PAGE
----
Q. What is good sleep?

A. First, [you have to look at] the amount of sleep: try to use between seven and nine hours as a base. And know that if you are sleeping more than 10 hours something is going on, and something else is happening if you sleep less than six hours. Next, [you have to look at] the quality of sleep, which you can infer or estimate simply when you wake up: Do you wake up feeling like you’ve recharged your batteries?

“We don’t know why, but the type of dreams tells us what type of illness a patient may have.”

Q. Is sleeping well a kind of “reset” in the brain?

A. What you see at the brain level (using animal and neuroimaging studies) is that some cells are replenishing, some are resting, and others are fixing themselves. And then, at the level of memory, those memories that do not matter are also being discarded. Sleep is like a recycling bin, with memories you throw away and others you store. And then, it is also important at the level of emotional, hormonal, endocrine, and immunological stability. When you don’t sleep, you have poorer concentration, you’re more irritable, more depressed, more prone to everyday infections, more hormonal disorders, and so on.

Q. How far can the damage done by sleeping poorly go?

A. In the long term, there is a direct association — and sometimes it’s bidirectional — of little or poor sleep, with obesity, hypertension, diabetes, high cholesterol, some types of cancer, and some neurodegenerative diseases such as Alzheimer’s.

Q. Are anxiolytics friends or enemies?

A. These medications are given for insomnia. The drugs we have for falling asleep are quite good, but the vast majority of them are addictive and build up a tolerance to them. They work well for you, but after a while, they don’t, and you have to increase the dose. It is a vicious circle. So, for us, the best thing is to use hypnotic treatment for a few weeks and you have to agree from the beginning that we are not going to treat the problem that is keeping you up at night with medication for the rest of your life.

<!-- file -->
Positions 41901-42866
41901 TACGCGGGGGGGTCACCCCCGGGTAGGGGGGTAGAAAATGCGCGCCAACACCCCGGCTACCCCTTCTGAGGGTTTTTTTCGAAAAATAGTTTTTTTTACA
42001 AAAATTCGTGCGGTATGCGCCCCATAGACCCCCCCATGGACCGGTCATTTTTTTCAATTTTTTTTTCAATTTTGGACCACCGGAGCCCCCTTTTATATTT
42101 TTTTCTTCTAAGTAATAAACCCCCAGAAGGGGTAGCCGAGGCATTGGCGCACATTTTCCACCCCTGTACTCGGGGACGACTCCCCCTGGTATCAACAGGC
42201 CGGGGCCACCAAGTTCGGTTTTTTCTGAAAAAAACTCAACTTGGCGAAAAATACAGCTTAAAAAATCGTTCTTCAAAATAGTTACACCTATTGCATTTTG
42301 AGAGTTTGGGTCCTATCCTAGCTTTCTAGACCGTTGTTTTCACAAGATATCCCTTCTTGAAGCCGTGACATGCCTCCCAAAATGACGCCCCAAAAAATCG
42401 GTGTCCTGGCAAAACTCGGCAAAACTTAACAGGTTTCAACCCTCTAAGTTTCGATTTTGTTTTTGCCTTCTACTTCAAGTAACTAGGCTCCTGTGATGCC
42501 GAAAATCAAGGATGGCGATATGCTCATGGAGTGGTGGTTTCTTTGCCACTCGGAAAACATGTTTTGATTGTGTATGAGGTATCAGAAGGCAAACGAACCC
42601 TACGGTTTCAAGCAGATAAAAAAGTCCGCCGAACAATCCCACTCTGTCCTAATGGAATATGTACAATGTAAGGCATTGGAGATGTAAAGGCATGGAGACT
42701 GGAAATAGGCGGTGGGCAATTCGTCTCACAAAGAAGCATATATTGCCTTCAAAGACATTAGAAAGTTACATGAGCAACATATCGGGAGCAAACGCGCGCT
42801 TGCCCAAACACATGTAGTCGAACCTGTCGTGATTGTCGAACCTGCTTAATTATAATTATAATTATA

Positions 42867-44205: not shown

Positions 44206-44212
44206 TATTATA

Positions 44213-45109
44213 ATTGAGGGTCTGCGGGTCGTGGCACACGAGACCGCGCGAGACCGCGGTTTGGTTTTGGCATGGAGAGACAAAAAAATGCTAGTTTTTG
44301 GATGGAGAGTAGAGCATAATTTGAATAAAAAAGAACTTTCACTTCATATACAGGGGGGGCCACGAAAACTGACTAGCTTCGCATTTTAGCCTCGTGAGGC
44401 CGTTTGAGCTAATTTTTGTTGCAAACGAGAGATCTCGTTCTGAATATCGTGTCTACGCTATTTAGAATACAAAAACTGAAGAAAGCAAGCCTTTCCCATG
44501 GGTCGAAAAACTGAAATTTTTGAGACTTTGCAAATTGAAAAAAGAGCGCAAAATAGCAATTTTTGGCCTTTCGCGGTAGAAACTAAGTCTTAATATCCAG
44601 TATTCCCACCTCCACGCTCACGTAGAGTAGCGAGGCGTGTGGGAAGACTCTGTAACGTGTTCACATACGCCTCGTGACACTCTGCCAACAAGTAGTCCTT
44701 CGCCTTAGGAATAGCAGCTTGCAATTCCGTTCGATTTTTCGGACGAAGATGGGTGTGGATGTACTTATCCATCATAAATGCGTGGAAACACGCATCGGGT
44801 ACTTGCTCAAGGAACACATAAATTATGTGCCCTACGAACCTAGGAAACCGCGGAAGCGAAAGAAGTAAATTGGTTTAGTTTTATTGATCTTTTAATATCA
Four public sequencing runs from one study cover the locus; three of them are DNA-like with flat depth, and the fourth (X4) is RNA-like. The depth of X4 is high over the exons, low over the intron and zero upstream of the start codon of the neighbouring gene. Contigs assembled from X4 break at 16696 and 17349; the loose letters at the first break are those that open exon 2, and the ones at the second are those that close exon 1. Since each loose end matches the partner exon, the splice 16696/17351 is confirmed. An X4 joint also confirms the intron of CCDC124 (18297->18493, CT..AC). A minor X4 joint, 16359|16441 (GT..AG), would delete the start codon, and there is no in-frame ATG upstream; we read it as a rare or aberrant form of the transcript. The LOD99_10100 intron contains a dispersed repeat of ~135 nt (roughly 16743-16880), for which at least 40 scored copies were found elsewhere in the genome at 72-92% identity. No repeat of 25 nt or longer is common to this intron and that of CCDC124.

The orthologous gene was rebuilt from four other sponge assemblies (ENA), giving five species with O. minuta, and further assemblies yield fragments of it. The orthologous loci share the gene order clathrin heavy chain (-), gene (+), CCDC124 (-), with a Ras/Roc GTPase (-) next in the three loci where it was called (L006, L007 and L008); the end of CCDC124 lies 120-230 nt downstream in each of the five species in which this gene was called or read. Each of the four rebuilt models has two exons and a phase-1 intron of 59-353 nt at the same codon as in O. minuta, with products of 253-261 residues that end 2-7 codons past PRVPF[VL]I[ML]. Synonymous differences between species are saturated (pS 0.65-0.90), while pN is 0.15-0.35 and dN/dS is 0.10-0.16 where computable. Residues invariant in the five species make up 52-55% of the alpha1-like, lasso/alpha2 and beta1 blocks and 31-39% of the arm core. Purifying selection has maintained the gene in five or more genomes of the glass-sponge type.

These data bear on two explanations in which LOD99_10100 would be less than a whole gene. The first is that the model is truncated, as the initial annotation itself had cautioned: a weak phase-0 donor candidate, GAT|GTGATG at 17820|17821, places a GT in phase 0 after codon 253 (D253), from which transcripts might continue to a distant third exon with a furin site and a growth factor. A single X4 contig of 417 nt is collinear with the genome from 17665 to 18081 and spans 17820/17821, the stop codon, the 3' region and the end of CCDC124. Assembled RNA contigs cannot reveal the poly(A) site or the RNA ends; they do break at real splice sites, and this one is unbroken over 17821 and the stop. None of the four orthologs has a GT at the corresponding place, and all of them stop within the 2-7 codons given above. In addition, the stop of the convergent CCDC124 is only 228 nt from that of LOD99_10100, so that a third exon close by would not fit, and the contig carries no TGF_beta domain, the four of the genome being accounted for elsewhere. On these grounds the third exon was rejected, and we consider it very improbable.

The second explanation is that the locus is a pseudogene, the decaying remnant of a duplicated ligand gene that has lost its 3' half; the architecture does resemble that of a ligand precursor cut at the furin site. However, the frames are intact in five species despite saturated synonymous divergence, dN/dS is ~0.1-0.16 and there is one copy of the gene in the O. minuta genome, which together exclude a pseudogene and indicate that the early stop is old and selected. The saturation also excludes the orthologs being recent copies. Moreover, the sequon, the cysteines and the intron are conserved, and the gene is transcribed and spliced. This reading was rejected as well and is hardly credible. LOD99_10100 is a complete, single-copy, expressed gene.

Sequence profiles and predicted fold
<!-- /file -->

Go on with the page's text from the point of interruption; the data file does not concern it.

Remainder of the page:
Q. Is sleeping too much also bad?

A. Sleeping too much is a sign that you sleep few hours or, although you sleep the correct number of hours, they are not of good quality. If a person sleeps five hours from Monday to Friday because they have a deadline on Friday, they will sleep a lot more on Saturday. But, perhaps it is also telling me that this is poor quality sleep because there are apneas when the patient is not breathing. And after each apnea, they wake up for a second or two, which they don’t realize, but it breaks the continuity of their sleep: So, they’ve had a super-fragmented sleep, which is not restful, and these people fall asleep during the day.

There is a lack of sleep epidemic: we sleep six hours less per week than 18 years ago”

Q. Is waking up at night some kind of warning even if you go back to sleep later?

A. No, it is not a pathological problem. Every 20 or 30 minutes we all wake up to change our posture. Waking up briefly, for a few seconds, and then falling asleep is not an illness.

Q. How do eating habits influence sleep?

A. It's common sense: if you eat too late, your stomach is very full and this does not facilitate digestion. In the same way that if you go to sleep full of worries or if you have slept little, with low blood glucose, it does not help you fall asleep.

Q. How have screens changed our sleep dynamics?

A. Ideally, you associate the bed simply with the act of sleeping. During nighttime hours, you need quiet and very little light when you go to sleep. The light from tablet, cell phone, or computer screens reaches your retina and it keeps you alert.